The Rise of the Smart Product Economy

Making products smart can deliver game-changing innovation, enriched customer experiences and new, across-the board levels of efficiency. From R&D and manufacturing, through distribution and after-sales support, product data is changing how products are built, sold and cared for. Our latest research reveals practical steps business leaders can take to benefit from this quickly intensifying and accelerating trend.
Whether it is smartphones, smart cities, smart cars or even smart toothbrushes, smart technologies are finding their way into, and around, the everyday things we like to buy. Witness the “smart” Johnnie Walker bottle, which sends a personalized message to every customer who waves a smartphone in front of it, whether it’s a promotional offer (pre-transaction) or a cocktail recipe (post-purchase, once embedded sensors detect the bottle has been opened).
The bottle can now be tracked across the supply chain, from its point of manufacture to its point of consumption. The opportunities unleashed by smart products are seemingly endless for any company
seeking game-changing innovation or new levels of efficiency. However, product companies need to get on board, and fast, to ensure they are not left behind in the quickly intensifying and accelerating smart product market. Smart products are emerging across industries and, as the smart whisky bottle example reveals, are already having a profound impact on product development, manufacturing, marketing, sales and the customer experience. Ifproperly instrumented and personalized, smart products not only exude reams of insight on product usage and status across the value chain, but they can also inform continuou sproduct improvements and influence strategic moves into connected and/or radically adjacent markets.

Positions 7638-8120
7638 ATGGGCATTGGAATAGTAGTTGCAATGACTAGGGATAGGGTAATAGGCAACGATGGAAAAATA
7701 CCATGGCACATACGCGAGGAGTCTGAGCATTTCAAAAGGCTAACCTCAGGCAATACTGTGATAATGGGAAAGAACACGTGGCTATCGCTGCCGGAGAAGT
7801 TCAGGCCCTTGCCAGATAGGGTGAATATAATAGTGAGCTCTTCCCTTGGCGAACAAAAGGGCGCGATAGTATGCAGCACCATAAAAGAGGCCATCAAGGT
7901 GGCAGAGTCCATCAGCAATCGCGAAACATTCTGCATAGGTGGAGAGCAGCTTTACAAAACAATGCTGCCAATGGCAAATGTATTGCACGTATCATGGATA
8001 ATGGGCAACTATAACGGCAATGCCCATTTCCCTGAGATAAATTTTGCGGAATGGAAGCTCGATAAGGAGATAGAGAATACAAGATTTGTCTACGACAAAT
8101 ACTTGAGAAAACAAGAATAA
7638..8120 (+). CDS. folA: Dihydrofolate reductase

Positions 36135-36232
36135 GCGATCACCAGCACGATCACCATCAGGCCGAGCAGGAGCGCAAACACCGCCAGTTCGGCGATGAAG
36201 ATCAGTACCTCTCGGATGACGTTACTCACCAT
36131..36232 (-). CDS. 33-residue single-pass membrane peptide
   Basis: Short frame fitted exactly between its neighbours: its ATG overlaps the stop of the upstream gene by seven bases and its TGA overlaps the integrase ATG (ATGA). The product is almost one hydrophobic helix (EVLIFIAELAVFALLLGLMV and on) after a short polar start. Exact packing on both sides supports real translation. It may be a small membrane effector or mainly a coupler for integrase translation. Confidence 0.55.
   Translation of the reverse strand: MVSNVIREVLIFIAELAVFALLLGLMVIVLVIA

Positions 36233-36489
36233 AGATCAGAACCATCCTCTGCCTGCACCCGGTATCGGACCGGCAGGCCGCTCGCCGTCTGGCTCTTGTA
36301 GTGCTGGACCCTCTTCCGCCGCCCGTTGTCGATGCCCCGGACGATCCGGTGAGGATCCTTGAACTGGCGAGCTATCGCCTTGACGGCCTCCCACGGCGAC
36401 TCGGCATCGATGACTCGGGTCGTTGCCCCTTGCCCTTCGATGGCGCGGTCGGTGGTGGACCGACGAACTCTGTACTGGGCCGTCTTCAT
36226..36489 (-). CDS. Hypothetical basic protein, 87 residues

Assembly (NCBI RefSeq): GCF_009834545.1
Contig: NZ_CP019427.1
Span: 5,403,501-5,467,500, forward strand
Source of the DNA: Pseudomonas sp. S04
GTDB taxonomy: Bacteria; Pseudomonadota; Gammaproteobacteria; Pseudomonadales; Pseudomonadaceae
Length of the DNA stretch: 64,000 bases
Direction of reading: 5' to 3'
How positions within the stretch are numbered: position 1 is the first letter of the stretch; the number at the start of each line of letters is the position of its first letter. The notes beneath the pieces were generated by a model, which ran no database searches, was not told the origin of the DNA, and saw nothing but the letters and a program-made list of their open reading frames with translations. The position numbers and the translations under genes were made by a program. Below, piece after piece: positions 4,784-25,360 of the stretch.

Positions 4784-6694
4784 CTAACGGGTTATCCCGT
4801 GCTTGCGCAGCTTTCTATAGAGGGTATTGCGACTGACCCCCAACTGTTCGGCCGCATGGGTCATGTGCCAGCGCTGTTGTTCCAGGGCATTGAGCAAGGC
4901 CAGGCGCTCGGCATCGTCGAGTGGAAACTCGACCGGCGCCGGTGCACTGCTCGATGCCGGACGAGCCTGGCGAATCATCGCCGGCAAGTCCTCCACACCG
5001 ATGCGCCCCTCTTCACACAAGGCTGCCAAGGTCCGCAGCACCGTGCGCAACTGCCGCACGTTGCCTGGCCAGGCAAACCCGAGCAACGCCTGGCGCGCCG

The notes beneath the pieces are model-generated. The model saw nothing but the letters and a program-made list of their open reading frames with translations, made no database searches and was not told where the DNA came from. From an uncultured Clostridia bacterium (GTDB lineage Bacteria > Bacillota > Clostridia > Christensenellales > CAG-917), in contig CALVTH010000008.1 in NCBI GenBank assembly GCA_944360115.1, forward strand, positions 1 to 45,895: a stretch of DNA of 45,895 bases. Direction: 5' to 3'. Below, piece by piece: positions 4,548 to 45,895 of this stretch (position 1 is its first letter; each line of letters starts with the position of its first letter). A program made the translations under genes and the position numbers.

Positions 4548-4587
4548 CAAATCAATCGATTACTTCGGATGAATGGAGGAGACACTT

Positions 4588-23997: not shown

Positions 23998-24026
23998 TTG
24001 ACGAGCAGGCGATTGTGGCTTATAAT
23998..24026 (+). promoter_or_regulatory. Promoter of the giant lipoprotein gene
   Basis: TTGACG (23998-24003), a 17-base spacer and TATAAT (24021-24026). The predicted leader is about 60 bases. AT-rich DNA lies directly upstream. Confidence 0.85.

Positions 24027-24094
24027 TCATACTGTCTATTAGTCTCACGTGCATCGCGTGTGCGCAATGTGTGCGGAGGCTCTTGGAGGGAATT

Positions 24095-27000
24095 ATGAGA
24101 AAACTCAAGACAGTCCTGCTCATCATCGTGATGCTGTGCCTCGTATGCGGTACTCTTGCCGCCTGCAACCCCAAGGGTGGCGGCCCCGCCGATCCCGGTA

The digital data emanating from smart products is where value — or alchemy — can be found. Imagine the instrumented whisky bottle exchanging data with a chilled glass to help uncover the perfect temperature for that drinking experience. By distilling and applying the insights gleaned from product intersections, manufacturers (and other players in the value chain) can strengthen customer relationships and create new and more profitable sales channels. But along with these opportunities, there is a flipside: Smart products also introduce uncertainty as they dramatically disrupt marketplaces and existing business models.
To understand the smart product phenomenon, Cognizant’s Center for the Future of Work — in partnership with the Economist Intelligence Unit (the research arm of The Economist magazine) — surveyed over 200 product design and innovation executives across the U.S. and Europe to chart the rapidly developing wave of smart products (see full methodology, page 20). Key findings revealed by our investigation include:

Smart products offer unprecedented customer insight.

The information that surrounds almost every physical thing reveals how a customer uses, or wishes to use, a product. Companies are using data and analytics to identify the meaningful connections and cor
– relations among the different conditions involved in a product’s manufacture, sale and customer experience.

Product data radically changes how products are built and sold.

Product data increasingly underpins finer-grain product personalization and richer customer experiences. Smart products reveal insights for remaking how products are built, priced and sold —
directly and through channel partners. We predict an “arms race” as various players compete to win control of the customer.

Seismic shifts in revenue will impact profitability.

The very newness of the smart product opportunity is throwing traditional business models into a state of flux. New subscription- based services are feeding perceived uncertainties surrounding revenue and margins, and are setting off waves of analysis-paralysis. A new alchemy is at work as decision-makers believe smart products are important yet are unsure how to unlock value from them.

Mastery with product data and sharing predicate success.

Successful smart product strategies require healthy doses of embedded intelligence to capture and share data across a product’s ecosystem, as well as an engrained ability to read customer sentiment
and foretell overall market direction. The stakes are very high — a failure to devise a strategy could undermine market relevance over the medium to long term.

The start of a new smart product economy has begun.

We predict the rise of an interconnected smart product economy over the next five to 10 years. It’s already emerging, as our research shows. Smart products enable tightly interwoven ecosystems and commercial consortia for capturing new opportunities and extending advantage. Companies are already sharing product data and co-investing in smart product development to establish
a beachhead and catalyze a business model/ecosystem makeover

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